Using growth hacking techniques the company has introduced a long list of features that now generate outsized impact for the company. The company did not pay much attention to reviews and ratings in the early days, these features are now some strong engagement drivers for the company. “We have found that people do give reviews and do care about reviews.” 

The most significant change would be that Rokomari’s entire approach to marketing has changed. “Our marketing has changed,” says Mr. Sohag. “Initially, we were mostly Facebook focused. We now do a ton of different things. I remember pushing the marketing team for email marketing. Initially, they didn’t care. However, email marketing is a hugely successful initiative now. People like our content and emails because we have been trying to do it right. As a result, the unsubscription rate is meaningfully low.” 

Over the past years, Rokomari has built a multi-pronged approach to growth and marketing. The company has shifted focus from mere marketing to a data-driven approach informed by the idea of growth hacking. “We started to rely more on data to make decisions. For marketing, we started to look into data to understand the efficiency of campaigns. It has been a very useful shift for us.”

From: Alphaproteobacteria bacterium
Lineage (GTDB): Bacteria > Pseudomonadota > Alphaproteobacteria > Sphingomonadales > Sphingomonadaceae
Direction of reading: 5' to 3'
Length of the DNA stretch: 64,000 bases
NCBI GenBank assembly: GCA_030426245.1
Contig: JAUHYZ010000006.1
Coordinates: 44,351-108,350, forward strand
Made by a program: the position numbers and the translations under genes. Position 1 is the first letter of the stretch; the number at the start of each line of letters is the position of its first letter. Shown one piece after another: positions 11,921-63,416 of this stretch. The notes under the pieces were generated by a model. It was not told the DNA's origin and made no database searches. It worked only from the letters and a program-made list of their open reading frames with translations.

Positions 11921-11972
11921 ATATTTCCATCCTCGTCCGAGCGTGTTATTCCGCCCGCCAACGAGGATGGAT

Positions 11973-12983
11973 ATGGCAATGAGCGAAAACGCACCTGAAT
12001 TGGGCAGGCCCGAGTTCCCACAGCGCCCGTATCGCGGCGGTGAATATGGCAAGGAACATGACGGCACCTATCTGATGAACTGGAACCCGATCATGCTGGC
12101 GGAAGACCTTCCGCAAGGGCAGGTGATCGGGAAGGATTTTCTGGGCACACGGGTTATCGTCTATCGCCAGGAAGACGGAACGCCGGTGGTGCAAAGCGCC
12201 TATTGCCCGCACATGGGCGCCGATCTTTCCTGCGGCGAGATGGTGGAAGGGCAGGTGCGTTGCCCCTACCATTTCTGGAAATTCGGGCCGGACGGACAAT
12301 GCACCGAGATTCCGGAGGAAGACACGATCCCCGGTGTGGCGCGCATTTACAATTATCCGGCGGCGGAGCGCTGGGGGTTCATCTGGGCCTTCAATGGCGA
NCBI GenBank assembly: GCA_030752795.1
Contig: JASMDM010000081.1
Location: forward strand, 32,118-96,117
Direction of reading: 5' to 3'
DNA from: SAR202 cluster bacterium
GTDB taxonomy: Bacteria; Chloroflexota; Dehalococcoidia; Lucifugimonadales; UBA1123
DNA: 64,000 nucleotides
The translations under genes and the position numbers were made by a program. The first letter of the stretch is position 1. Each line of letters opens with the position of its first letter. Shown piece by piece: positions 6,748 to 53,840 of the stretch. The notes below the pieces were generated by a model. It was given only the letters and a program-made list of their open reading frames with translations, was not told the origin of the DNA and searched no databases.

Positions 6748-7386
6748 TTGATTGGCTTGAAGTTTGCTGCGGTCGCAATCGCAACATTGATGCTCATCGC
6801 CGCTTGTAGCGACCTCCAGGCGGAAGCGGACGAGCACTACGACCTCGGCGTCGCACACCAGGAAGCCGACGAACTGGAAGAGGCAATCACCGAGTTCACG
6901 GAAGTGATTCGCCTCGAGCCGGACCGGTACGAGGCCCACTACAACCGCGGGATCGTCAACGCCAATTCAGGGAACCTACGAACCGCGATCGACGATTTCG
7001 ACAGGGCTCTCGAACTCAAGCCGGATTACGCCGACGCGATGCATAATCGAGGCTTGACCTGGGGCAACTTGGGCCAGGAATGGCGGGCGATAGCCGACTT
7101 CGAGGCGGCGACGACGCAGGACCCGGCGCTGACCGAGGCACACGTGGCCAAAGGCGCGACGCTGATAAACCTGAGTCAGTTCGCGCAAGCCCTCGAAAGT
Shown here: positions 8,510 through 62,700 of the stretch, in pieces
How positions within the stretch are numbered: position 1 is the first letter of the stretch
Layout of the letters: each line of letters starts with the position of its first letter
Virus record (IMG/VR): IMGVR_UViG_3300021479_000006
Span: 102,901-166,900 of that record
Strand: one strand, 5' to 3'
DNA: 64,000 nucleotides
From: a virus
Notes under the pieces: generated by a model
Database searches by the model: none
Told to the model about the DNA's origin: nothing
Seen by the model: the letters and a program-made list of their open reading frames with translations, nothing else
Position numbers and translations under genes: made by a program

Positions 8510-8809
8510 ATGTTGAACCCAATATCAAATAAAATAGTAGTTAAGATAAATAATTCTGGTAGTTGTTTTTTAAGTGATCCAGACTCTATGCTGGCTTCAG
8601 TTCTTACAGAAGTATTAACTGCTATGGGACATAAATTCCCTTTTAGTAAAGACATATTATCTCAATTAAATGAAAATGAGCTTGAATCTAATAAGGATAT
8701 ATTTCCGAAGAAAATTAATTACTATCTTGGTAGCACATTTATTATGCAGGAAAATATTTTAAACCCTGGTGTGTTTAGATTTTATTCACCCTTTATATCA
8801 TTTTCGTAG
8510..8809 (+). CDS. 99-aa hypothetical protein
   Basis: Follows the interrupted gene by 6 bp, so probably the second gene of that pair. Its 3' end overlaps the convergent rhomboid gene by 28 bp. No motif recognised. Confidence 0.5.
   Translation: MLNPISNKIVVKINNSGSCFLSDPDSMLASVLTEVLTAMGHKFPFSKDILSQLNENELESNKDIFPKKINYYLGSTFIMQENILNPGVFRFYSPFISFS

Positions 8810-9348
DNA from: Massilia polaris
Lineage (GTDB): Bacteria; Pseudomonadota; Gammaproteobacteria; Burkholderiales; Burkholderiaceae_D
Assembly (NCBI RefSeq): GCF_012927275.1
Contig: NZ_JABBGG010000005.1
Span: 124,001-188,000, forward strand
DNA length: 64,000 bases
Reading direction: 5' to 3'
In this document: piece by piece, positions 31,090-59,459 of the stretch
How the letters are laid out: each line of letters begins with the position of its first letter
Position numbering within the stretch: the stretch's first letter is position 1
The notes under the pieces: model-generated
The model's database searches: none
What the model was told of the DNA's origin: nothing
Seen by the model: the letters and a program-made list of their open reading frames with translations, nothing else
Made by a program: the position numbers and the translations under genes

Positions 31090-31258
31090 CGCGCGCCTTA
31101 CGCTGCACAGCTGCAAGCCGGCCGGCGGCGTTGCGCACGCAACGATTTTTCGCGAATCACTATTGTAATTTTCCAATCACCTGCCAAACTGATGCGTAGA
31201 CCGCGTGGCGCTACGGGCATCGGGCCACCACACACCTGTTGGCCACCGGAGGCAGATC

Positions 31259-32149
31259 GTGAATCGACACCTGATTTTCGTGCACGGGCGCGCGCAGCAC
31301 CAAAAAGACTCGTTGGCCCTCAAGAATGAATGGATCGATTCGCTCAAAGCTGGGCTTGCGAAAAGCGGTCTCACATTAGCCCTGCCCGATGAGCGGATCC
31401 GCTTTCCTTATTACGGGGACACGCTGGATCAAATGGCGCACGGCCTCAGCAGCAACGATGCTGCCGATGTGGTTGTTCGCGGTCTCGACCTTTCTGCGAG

There are several lessons to learn from Rokomari when it comes to growth. I would note two broad ones. One lesson is at the tactical level where you copy the things that Rokomari is doing and get results such as putting together a growth hacking team, a content team, and an email newsletter. This would undoubtedly bring some results. The second lesson at the principle level is where you copy the principles - a mindset of continuous learning and testing. However, this is the most important lesson of the two.

Rokomari’s growth hacking juggernaut 

“I came across the idea of growth hacking when one of my students gave me a PDF. I got really fascinated after reading it. Then I started to dig a little deeper and I was hooked. I shared the idea with my team which eventually led to weekly sessions where we learn and discuss growth hacking and how we could apply the techniques at Rokomari. That’s how our growth hacking journey started at Rokomari. Before that, we were doing random things without doing much measurement,” Mr. Sohag explains how he came across the idea of growth hacking to Future Startup.